The exact cause of eosinophilic granuloma is not known, but veterinarians speculate that it could be related to an underlying allergy and may have a genetic component. This condition typically causes oral ulcers and irritating lesions that cause hair loss on the back of the thighs and stomach. Your vet can determine if your cat's hair loss is related to eosinophilic granuloma by examining a sample of a lesion under the microscope. Treatment typically consists of steroids or immunosuppressive medication and a course of antibiotics if the skin has developed a secondary bacterial infection.
Feline Endocrine Alopecia
Feline endocrine alopecia is actually a rather rare condition characterized by hair loss on the abdomen, inner legs, and genital region. The exact cause of the condition is not currently known, but it's believed to be linked to hormone levels. For this reason, it can be challenging to identify an underlying endocrine issue, so your vet may have to perform various diagnostics.
Psychogenic alopecia is a compulsive disorder that drives a cat to groom itself obsessively. Excessive licking and chewing leads to hair loss, and some cats will even pull out their own hair. A vet will only arrive at this diagnosis if all other underlying conditions can be ruled out. In many cases, this type of alopecia caused by over-grooming is a result of stress or anxiety. Calming solutions or adjustments to the environment can help these cats stop barbering to promote hair regrowth.
Pain could be another underlying cause of alopecia, particularly if you notice hair loss over your cat's joints. Cats with arthritis often lick their uncomfortable joints in an effort to find relief. Feline arthritis is more common than most pet owner realize; studies suggest over 90 percent of senior cats over the age of 12 years have evidence of arthritic joints. Look out for other signs of arthritis, such as walking stiffly, reluctance to jump, and muscle atrophy. Your vet can help make your cat more comfortable with joint supplements and medications for pain.
Cats on an unhealthy diet will be deficient in essential vitamins and nutrients, which can lead to brittle fur and hair loss. Adequate volumes of digestible protein plus vitamins like A and E are necessary for healthy skin and hair. Owners who make their own pet food must be especially careful to use a veterinarian-approved recipe supplemented with a vitamin blend.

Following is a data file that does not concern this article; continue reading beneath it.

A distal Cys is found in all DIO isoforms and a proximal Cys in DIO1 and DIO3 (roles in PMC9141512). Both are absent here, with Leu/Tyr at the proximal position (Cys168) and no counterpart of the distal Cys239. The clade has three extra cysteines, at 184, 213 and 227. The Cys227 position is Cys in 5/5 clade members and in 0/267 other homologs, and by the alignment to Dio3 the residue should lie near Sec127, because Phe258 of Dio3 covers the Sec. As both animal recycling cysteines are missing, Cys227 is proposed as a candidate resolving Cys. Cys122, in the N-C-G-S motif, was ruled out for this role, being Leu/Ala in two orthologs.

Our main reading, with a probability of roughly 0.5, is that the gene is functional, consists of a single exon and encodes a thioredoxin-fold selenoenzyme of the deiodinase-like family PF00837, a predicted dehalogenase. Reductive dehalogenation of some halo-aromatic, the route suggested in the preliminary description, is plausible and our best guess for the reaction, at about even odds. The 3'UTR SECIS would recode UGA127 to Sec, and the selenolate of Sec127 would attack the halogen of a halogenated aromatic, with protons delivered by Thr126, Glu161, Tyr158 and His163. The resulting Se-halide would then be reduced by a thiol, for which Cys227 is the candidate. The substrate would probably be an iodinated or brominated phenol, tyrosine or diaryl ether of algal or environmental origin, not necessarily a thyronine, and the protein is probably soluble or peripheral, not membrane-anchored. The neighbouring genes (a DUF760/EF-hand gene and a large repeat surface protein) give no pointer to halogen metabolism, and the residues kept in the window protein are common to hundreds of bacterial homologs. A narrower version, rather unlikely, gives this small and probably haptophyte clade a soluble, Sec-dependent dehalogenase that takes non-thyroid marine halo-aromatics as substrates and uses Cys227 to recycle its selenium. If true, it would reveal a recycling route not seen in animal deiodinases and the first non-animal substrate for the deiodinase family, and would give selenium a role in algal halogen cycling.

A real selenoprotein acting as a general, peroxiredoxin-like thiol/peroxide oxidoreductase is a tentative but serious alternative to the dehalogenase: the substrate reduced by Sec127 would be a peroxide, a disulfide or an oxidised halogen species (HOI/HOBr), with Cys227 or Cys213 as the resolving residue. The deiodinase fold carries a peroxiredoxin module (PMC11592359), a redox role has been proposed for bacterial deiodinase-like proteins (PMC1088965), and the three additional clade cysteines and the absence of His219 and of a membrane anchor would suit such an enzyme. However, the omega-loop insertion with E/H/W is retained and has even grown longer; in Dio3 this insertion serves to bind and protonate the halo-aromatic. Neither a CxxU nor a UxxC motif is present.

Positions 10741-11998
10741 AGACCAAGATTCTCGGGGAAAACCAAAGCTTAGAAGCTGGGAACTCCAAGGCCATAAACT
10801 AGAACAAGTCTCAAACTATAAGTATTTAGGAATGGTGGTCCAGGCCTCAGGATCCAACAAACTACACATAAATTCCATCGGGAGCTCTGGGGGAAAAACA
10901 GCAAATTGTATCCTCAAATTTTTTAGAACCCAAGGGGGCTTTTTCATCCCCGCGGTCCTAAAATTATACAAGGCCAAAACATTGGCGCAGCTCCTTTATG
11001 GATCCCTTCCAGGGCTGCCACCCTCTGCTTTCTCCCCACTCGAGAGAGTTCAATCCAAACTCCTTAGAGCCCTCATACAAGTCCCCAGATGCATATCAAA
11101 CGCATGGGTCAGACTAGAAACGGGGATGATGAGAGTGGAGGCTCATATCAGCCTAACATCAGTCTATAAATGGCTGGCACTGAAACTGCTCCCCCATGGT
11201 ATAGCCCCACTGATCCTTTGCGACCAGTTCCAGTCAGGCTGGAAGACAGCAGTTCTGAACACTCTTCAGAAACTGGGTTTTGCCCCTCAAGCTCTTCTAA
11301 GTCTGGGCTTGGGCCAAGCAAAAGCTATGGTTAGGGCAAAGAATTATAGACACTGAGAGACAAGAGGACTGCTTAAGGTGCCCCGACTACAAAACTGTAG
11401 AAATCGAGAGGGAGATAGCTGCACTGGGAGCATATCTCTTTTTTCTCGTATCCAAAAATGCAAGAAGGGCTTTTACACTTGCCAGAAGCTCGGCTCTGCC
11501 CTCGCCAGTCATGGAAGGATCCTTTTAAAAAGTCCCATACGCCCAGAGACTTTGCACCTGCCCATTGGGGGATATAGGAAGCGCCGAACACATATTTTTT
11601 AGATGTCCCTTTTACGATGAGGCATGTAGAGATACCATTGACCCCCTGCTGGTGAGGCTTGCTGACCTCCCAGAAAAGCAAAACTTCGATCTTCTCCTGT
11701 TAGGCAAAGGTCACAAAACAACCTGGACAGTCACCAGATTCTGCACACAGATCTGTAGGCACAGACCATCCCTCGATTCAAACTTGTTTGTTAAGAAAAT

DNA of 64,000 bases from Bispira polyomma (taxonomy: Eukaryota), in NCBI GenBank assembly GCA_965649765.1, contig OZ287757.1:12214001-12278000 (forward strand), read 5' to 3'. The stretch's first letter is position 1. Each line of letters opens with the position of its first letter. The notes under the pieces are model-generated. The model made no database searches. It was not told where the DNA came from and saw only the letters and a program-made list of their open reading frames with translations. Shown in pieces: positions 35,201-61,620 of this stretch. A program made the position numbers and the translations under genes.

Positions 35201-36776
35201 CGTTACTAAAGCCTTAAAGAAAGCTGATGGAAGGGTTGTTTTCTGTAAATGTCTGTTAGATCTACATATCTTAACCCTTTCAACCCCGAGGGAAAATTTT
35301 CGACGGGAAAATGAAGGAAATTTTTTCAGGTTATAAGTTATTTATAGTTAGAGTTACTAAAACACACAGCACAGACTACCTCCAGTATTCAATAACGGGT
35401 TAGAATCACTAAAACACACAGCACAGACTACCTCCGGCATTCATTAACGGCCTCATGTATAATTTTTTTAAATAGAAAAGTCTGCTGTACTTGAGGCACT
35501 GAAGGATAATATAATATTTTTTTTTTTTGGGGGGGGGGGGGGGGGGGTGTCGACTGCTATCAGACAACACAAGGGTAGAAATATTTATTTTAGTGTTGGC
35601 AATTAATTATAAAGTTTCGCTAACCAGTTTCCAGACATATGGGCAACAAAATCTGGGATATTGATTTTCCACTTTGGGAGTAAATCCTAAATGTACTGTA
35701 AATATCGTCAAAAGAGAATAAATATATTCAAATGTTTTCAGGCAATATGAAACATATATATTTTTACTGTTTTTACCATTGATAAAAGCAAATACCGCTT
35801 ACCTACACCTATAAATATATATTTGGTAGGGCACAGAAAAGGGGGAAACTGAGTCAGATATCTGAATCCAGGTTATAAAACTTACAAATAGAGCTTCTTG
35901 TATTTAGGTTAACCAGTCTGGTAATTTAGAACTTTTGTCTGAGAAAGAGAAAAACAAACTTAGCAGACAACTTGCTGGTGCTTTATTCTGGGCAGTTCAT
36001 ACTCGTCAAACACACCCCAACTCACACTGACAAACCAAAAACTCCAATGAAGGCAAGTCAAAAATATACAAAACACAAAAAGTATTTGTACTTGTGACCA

Preventing Cat Hair Loss
Although there are some causes of hair loss that you have little control over, there are a few things you can do to at home to help make sure your cat's skin and fur remain healthy.
Feed Your Cat a Nutritious Diet
The best way to avoid hair loss caused by a poor diet is to feed your cat a healthy food from the onset. Choose foods high in protein where the first ingredient is meat. Some veterinarians warn that fish-based foods may lead to hyperthyroidism; however, this is generally only the case with very low end foods. Always choose a diet formulated for the correct cat life stage.
Provide a Healthy Environment for Your Cat
If you allow your cats to enjoy the outdoors, be sure they are up to date with all vaccinations. Not only will this keep them from experiencing any preventable illnesses that could lead to hair loss, vaccinations will also stave off much more serious and possibly fatal diseases.
Keep Up With Preventive Care
Use a preventative treatment that protects against all parasites, including fleas, mites, heartworms, and ticks. Be sure that any preventative you use is specifically formulated for cats, as many canine products are toxic to cats. It's also important to see your veterinarian for routine wellness exams and baseline blood work to monitor for any changes in thyroid levels or endocrine diseases.
Offer Enrichment and Minimize Stress
Even if they have no other underlying conditions, cats who are bored or anxious can turn to over-grooming. Make sure you provide your cat with stimulating activities like cat trees, interactive toys, and bird watching opportunities. Pheromones can help cats cope with stressful events or changes.
Seek Veterinary Care for Fur Loss in Cats
The information presented here is not meant to replace professional veterinary diagnosis and treatment. If your cat displays any symptoms of hair loss, ask your vet to examine your pet to get a proper diagnosis and treatment plan. Remember, your cat's fur protects its skin, so fur loss can become a serious problem if left untreated.